The Eagles, who hadn’t won or drawn in their previous eight matches, started strongly against Sandy with a strike from Amy Atsma after just 10 minutes.

The black-and-blues kept up the momentum and continued to pile the pressure on the league leaders, who had only lost once going into this fuxture.

Two more goals followed in the second half. Ellie Watson slotted home just after the hour mark, and Louise Mylles sealed their first win of the season in the 85th minute, showing quick reactions following a saved shot.

Sandy came up against an Eagles backline in resolute form, and Letchworth manager Warren Shimell said: “That’s why I run a team, for days like today.

“On the way out, their manager came over to me and said he hasn’t met a defence like ours all season. It was such a solid performance from everyone in every position.”

Letchworth’s captain Tasha Reynolds added: “The win was more than deserved, and I’m very excited to see what we can pull out of the bag for the rest of the season.”

Gunners ‘need to be more clinical’ says Williamson

Leah Williamson says Arsenal are keen to add a ruthless streak to their attacking play for the upcoming WSL Spring Series.

The Gunners won the Women’s FA Cup last season, beating Chelsea 1-0 at Wembley.

But they could only manage a third-place finish in the league behind champions Manchester City and runners-up Chelsea.

Versatile midfielder/defender Williamson told Elephant Sport: “We have learned that we need to be more clinical, and we need a team of girls all heading in the same direction with the same will to win, which I believe we have.”

The England under-23 international added: “We want to retain our FA Cup title, win the Spring Series, and we want to best prepare ourselves for the winter league in September to be back in contention for Champions League places.”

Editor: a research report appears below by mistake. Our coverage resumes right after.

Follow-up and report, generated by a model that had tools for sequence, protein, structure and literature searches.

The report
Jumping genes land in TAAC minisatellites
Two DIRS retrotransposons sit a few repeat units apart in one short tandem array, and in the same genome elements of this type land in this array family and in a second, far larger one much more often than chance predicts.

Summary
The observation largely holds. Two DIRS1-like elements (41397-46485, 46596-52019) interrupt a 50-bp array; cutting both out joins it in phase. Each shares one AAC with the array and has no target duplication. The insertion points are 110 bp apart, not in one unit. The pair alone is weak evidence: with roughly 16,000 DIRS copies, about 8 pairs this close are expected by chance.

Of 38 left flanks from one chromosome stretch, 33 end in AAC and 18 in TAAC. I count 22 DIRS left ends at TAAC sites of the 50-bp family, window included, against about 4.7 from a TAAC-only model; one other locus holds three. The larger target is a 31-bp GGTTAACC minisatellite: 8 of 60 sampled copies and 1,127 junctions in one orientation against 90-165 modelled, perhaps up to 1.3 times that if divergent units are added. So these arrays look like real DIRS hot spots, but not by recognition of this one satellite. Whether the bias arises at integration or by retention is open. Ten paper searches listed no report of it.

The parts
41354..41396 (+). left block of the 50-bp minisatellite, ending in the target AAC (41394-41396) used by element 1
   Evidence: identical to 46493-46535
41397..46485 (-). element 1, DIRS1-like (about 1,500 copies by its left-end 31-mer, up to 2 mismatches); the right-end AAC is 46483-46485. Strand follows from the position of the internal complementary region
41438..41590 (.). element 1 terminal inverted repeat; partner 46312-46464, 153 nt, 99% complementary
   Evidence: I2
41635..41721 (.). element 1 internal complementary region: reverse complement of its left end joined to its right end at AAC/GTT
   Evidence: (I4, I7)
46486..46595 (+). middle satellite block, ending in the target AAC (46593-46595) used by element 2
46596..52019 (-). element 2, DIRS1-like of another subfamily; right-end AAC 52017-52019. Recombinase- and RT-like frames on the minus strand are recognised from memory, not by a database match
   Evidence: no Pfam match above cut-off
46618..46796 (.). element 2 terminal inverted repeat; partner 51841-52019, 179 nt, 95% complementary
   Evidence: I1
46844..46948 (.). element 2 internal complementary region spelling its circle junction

Fighting fit

When the FA Women’s Super League was launched in 2011 it was as a summer competition, but it is now being synchronised with the men’s game.

“I want to prove that I am ready now, despite my [young] age and previous injuries”

To prepare for this, teams in WSL 1 will play in a Spring Series, with nine rounds of matches to be played from April to June.

Williamson, who has been at Arsenal since the age of nine, spent most of last season on the sidelines with an injury.

But the 19-year-old is currently fighting fit and eager to return to action.

“I want to stay fit and healthy to be in the starting 11 for Arsenal and then hopefully the football will take care of itself,” said the Arsenal No.6.

“I want to prove that I am ready now, despite my [young] age and previous injuries.”

Arsenal will kick off the Spring Series on April 23rd at home against Notts County Ladies FC.